The Ethics of Bailing Out
This week, on the same day, two aircraft from premier military display teams (the U.S. Air Force Thunderbirds and the U.S. Navy Blue Angels) crashed. One pilot ejected and survived, the other remained with the aircraft and tragically did not. In both cases, the media credited the pilot with heroically maneuvering his aircraft to avoid casualties on the ground. Captain Kuss, the Blue Angel tragically lost, left behind a young family. As a pilot and father of two I’m personally heartbroken at his loss.
I’m hesitant to speculate on the reasons these accidents happened and why the individual pilots made the choices they made. Very few pilots have been faced with the split second decision about whether or not to pull the ejection handle to save themselves, and since I’m not one of them I don’t think I’m qualified to sit in judgement of these men.
However, I do fly aerobatic aircraft and I do wear a parachute. I also know that in the stress of an emergency, your mind will tend to take over and automatically perform the actions that you’ve thought about or practiced the most. So if you’ve mentally trained yourself to eject under certain conditions, you’ll eject. If you haven’t, you won’t. I’m sure that both of these men had thought through countless scenarios many times and I’m sure their mental practice played a part in their individual decisions.
Making the decision to wear a parachute (or fly an aircraft with an ejection seat) requires that we think about the ethical responsibilities pilots bear when making the decision to leave an aircraft in an emergency. Due to the nature of aircraft emergencies, even a moment’s indecision can be the difference in survival — even having this thought cross your mind during the event could be deadly. The issue must be settled before the aircraft leaves the ground. (For those really interested in diving into the thought that most pilots give to bailout or ejection, an interesting analysis of the human factors in delayed ejection decisions can be found here, and a great series of articles by Allen Silver about the necessity of being mentally prepared to bail out are here. A fascinating video of airshow pilot Sean Tucker discussing his bailout after suffering a control failure is here. There is, surprisingly, little on the internet regarding the ethics of leaving a disabled aircraft).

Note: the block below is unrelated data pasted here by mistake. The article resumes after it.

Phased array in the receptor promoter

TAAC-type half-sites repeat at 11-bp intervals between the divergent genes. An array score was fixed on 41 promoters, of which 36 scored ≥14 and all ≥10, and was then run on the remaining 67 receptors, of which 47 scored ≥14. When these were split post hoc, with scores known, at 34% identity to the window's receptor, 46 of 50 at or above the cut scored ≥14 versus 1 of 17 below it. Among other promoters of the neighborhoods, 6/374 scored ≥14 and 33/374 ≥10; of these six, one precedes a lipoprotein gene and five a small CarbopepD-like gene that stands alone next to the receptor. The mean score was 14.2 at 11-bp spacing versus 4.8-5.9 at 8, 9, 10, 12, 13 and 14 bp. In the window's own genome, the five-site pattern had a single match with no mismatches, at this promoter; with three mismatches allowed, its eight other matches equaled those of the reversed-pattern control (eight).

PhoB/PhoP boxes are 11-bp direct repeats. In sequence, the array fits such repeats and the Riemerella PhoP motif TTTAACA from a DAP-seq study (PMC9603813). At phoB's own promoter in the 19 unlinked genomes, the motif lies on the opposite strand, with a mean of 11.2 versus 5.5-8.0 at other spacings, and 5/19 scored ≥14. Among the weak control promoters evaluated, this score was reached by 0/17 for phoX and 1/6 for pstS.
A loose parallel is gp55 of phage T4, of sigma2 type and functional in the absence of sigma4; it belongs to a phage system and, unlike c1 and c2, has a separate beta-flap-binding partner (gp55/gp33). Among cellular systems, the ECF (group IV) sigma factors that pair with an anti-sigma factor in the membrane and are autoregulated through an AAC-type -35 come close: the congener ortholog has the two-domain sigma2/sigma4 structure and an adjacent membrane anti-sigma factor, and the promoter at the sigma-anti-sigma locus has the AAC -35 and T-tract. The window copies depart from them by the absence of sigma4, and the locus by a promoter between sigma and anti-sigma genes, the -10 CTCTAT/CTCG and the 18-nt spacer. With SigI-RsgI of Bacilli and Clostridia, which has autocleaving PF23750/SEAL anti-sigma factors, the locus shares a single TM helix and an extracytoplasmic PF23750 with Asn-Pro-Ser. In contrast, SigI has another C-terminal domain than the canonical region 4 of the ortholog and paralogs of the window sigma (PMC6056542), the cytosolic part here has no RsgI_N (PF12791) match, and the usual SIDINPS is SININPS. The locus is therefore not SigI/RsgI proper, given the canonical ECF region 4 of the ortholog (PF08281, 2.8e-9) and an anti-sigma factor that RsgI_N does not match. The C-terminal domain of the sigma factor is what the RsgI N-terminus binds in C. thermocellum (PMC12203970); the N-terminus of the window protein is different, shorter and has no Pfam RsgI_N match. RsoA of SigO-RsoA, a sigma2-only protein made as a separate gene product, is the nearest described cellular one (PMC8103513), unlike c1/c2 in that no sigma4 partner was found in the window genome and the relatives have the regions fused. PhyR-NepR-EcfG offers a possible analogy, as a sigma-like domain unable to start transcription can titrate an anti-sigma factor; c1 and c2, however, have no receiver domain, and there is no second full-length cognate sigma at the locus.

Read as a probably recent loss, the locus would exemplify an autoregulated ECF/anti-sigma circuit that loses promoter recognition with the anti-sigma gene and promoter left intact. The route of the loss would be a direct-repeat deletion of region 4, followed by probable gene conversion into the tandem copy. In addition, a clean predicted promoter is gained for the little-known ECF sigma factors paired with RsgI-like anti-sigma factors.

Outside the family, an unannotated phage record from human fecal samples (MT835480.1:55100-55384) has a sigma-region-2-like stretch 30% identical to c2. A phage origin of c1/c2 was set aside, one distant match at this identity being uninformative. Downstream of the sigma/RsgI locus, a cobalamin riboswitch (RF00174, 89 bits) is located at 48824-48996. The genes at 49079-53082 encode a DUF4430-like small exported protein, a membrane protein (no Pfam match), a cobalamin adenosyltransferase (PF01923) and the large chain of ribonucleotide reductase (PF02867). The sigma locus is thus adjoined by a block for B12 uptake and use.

In 2011, at an airshow in Duxford, England, a P-51 Mustang and an A-1 Skyraider collided at low level. The A-1 was able to land with part of its wing missing, but the pilot of the P-51 had to perform a manual bailout and survived. A manual bailout requires that the pilot make the decision to leave the aircraft (something that surprisingly takes more than a second or two), release the aircraft canopy, unbuckle his seat belt, exit the aircraft, and manually deploy his chute. In this case, roughly 18 seconds passed from the time of the collision to the time the P-51 hit the ground. The envelope for successfully getting out of the aircraft was smaller. Some incredible photos of the event and this close up video show how little time the pilot had to make this happen. In this case the canopy left the aircraft two to three seconds after the collision occurred and the pilot exited the aircraft ten to twelve seconds later. The chute started to deploy within two seconds and did not fully deploy until a second or two after the aircraft hit the ground. Had the pilot waited just two to three seconds, the outcome would have been different. He survived because he’d settled the argument of when to bail out in his mind before he even left the ground, and clearly he had mentally practiced what he would do if he had to get out of the aircraft quickly. The point is there is no time to have an internal ethics debate with yourself about whether or not you should bail out.